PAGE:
This thesis has three main objectives: first, to estimate age-specific levels, age patterns and period trends in early mortality at national and sub-national levels in Eritrea; second, to investigate the major possible determinants of infant and child mortality; and third to discuss implications of the main findings for health policy and future research directions.
The data used for this study come from the 1995 Eritrea Demographic and Health Survey of 5,469 households and 5,054 women in the reproductive age span.
An assessment of fertility and mortality data quality using different internal consistency checks indicated some rounding of ages at death, but no substantial omission of births or deaths, mis-dating of births, or sex differentials in reporting births or deaths. Over the ten years to 1995, national levels of infant (1q0), childhood (4q1), and under-five (5q0) mortality are estimated to be 80, 67, and 146 per 1000, respectively. Early mortality has declined substantially during the post-war period.
The influences of bio-medical, socio-economic and ecological determinants of mortality were analyzed separately for the neonatal, post-neonatal and childhood periods using logistic regression and proportional hazard models. Among the demographic features of the child and mother, multiplicity, first births of uneducated mothers, previous birth interval, and survival status of the previous child are the most powerful determinants of mortality during the neonatal period, but their effects decline as the child ages. Twin children have a significantly higher risk of death than single children during the first month of life, but the gap narrows as the child gets older. First-born children of uneducated mothers suffer higher risks of neonatal death than other children. The risk of death during the neonatal and post-neonatal periods is high among children born no more than 18 months after the previous birth, but drops after 19 months. During childhood, the risk of death drops when the previous birth interval is at least two years. Children are at a considerably higher risk of death if the previous sibling died than if it survived, but the differential decreases with age of child. Post-neonatal mortality is appreciably higher among children while their mothers are pregnant or after they give birth again than before their mothers become pregnant again. Childhood mortality rises when mothers bear the next child.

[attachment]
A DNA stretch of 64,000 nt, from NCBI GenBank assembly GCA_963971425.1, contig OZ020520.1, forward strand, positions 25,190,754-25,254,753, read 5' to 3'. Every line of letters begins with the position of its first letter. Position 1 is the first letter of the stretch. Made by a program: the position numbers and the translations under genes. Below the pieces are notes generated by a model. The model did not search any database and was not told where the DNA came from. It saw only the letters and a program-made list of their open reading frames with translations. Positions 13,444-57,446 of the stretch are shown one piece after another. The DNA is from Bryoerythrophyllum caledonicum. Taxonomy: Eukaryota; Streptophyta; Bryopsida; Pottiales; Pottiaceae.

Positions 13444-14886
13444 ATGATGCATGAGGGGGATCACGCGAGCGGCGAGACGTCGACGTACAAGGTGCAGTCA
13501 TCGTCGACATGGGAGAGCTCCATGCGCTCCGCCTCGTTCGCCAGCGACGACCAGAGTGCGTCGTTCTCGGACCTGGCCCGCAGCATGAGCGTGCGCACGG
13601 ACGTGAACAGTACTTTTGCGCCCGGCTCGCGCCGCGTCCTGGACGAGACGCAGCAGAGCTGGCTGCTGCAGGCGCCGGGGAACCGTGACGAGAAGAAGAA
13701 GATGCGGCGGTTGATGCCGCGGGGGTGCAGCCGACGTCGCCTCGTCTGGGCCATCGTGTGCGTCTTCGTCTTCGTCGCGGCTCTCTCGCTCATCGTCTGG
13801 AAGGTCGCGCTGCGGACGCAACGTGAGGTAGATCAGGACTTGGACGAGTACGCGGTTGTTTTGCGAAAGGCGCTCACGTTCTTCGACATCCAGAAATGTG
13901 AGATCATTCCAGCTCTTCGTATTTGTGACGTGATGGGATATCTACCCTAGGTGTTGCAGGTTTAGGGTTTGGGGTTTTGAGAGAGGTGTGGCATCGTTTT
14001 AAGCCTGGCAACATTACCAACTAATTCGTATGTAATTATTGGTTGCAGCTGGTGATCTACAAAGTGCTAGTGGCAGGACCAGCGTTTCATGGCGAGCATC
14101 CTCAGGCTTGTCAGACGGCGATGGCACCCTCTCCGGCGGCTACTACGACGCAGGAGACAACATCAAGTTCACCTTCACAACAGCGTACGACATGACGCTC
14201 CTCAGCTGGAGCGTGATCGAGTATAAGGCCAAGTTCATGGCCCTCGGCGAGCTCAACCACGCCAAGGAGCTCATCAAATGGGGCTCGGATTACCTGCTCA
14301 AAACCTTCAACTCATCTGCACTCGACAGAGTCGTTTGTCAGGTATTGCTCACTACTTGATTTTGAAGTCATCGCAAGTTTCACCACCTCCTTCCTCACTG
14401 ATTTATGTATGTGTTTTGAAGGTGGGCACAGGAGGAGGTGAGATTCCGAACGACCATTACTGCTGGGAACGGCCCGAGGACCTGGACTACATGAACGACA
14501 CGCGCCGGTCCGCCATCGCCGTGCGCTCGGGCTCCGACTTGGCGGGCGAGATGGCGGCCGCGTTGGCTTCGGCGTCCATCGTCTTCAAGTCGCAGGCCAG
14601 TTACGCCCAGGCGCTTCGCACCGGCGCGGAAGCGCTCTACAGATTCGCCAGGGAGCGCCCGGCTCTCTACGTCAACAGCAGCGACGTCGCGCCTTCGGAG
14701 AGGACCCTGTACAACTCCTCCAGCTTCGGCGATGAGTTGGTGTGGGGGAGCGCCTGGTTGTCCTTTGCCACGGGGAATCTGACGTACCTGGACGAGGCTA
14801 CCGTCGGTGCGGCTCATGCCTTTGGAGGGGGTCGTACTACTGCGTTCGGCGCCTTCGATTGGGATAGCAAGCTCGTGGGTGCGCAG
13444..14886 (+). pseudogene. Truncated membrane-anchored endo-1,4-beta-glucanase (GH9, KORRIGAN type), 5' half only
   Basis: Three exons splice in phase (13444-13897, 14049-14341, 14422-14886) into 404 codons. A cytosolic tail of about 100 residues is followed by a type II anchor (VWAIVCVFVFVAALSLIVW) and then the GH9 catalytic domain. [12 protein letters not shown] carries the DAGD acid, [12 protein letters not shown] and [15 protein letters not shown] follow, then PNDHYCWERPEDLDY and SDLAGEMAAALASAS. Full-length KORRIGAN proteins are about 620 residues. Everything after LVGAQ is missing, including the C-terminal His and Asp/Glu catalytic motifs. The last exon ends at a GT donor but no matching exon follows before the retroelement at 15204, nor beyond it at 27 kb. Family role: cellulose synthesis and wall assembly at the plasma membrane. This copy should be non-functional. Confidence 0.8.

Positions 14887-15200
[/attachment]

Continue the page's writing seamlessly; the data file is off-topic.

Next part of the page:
Households without piped water and toilet facilities record significantly higher mortality, particularly during the post-neonatal period when supplementary foods are introduced. Socio-economic and community (ecological) factors are important predictors of mortality differentials after the first month of life. Children from poor families and those living in the lowlands have appreciably higher risks of death than other children. Birth year of child is a significant predictor of mortality during all age periods, the risk of death being considerably lower for children born during the post-war period than those born during the war-crisis period.
In order to reduce early mortality in Eritrea, efforts should focus on health programs that target first-time mothers. Health education and family planning programs that promote longer birth intervals should be given special emphasis. The provision of clean water and toilet facilities must be given greater attention in order to increase child survival in Eritrea. Resources should be directed towards lowland communities.
Finally, our findings indicate the need for further research to identify the precise mechanisms by which altitude influences child mortality in Eritrea. Other important areas of study include breast feeding, weaning foods, feeding practises and low birthweight.
Stockholm: Stockholm University , 1999. , 277 p.